Claim Form Modifiers
All claims submitted to Medicare for PMDs
(meaning each line item) should contain
one of the four modifiers as supported by
the medical record documentation. If one
December 2010
of these modifiers is not attached to the
submitted claim, the claim will be rejected:
• KX – Indicates that all required
documentation and coverage
requirements are satisfied.
• GA – Indicates that the provider or
supplier has provided an ABN to the
patient and a signed acknowledgement
from the patient outlining their
financial responsibility (Advance
Beneficiary Notice – ABN) is on file.
• GZ - Indicates that documentation
does not satisfy medical necessity and
an ABN is not on file.
• GY – Indicates that the item provided
is statutorily excluded from being a
benefit of the Medicare program and
reimbursement is not expected from
Medicare. The GY modifier is also
used for mobility devices intended
for only outside of the home use.
According to the LCD, the modifier KX
may be added to the code for a power
mobility device and all accessories only
if one of the following conditions is met:
• If all of the documentation and
medical necessity as described in the
LCD are met for the PMD.
• If there is an approved Advance
Determination of Medicare Coverage
(ADMC) for the PMD from the
Carrier.
• If a Group 4 PWC is provided and
if all of the coverage criteria for a
comparable Group 3 PWC are met.
Get the Diagnosis Code Right
Each diagnosis appearing on the claim
should support why the patient needs
the mobility device, or a specific option
or accessory for which the claim is being
submitted. This information should only
come from the seven-element order as
that document primarily establishes
medical necessity for the DME supplier.
is another device that meets the patient’s
medical needs (as defined in the LCD
policy for Power Mobility), then payment
will be based on the allowance for the least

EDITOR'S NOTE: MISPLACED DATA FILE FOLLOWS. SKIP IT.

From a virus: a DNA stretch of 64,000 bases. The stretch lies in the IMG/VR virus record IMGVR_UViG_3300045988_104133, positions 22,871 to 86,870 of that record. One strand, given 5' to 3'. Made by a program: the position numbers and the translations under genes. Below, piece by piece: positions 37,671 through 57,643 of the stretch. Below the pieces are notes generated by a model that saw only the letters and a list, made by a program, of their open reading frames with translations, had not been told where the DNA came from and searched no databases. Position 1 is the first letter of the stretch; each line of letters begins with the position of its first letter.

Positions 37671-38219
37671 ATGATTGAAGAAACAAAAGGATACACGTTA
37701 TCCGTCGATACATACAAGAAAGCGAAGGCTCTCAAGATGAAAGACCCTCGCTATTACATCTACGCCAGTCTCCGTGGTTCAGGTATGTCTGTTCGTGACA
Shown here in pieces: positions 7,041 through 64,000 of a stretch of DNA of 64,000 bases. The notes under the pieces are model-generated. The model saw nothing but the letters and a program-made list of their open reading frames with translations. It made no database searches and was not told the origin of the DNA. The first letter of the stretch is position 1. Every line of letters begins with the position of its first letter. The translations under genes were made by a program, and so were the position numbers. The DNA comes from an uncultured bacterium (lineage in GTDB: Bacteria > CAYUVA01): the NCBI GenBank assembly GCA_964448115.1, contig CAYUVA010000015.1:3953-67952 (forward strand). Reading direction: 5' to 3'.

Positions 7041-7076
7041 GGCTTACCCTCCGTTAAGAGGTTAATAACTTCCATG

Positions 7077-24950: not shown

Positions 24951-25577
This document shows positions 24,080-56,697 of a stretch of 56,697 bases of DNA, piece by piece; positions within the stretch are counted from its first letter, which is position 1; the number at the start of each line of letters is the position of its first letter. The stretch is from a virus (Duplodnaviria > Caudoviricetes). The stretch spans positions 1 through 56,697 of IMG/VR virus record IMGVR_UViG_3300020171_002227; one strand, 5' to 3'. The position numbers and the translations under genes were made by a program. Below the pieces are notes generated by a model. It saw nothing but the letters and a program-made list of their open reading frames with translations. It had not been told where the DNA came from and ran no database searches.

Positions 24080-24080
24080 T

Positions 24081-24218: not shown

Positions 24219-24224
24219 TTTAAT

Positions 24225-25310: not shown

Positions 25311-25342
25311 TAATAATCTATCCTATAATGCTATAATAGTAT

costly medically appropriate alternative.
Determinations of least costly alternative
will take into account the patient’s weight,
seating needs, and needs for other special
features (i.e., power seating systems,
alternative drive controls and ventilators).
if ordered, any accessories. If some of the
items are split into separate deliveries,
only the items actually delivered can be
itemized on the proof of delivery ticket.
These items should be billed using that
date of service. The date of service billed
on the claim must be the date the patient
received the equipment.
The proof of delivery document should
contain:
• Date of actual delivery.
If it wasn’t documented,
it wasn’t done.
Based on the criteria defined in the LCD
policy, some types of PMDs will never
be paid in full. They will always be paid
either as a least costly alternative (if
coverage criteria are met), or denied (if
coverage criteria for a PMD are not met).
In those situations, the first level least
costly alternative determination will be
made by an automated claim system edit.
However, often the final determination of a
least costly alternative can only be made
during a manual review of a claim as a result
of a medical review or a fraud investigation.
If a payment reduction is made on an initial
claim, this does not preclude subsequent
payment adjustment or denial based
on LCD coverage criteria during a postpayment manual claim review.
Get that Proof of Delivery
DME suppliers are required to have a
signed proof of delivery for the PMD and,
• Patient signature and legible name;
if the patient is not available it is
permissible to have a designee sign the
delivery ticket with relationship noted.
• A detailed listing of the particular
items delivered, including quantity.
• Brand names and serial numbers of
the items delivered.
Conclusion
In closing, there are clearly challenges in
safeguarding reimbursement received by
DME suppliers for power mobility devices.
Auditors should become familiar with
the basics that need to be reviewed when
auditing a claim for a Power Mobility
Device. Being proactive in performing
internal audits as part of a larger corporate
compliance program is one way to be
prepared for increased payer scrutiny. NP
Helen Avery, CPC, CHC, CPC-I is a Manager with Sinaiko Healthcare Consulting, Inc.
in Los Angeles. She works with healthcare
organizations nationwide on a diverse range
of compliance issues. You may reach Helen by
e-mail at [email protected]
The ICD-9 code should be selected by
someone who is certified in coding, since
many different conditions can affect a
person’s ability to perform their Mobility
Related Activities of Daily Living.
Invoicing and Pricing
What You Should Know about ‘Least
Costly Alternative’
The coverage criteria for power mobility
devices are based on a progression of
medical necessity. If coverage criteria for
the device provided is not met, and if there
December 2010
Association of Healthcare Internal Auditors
New Perspectives 55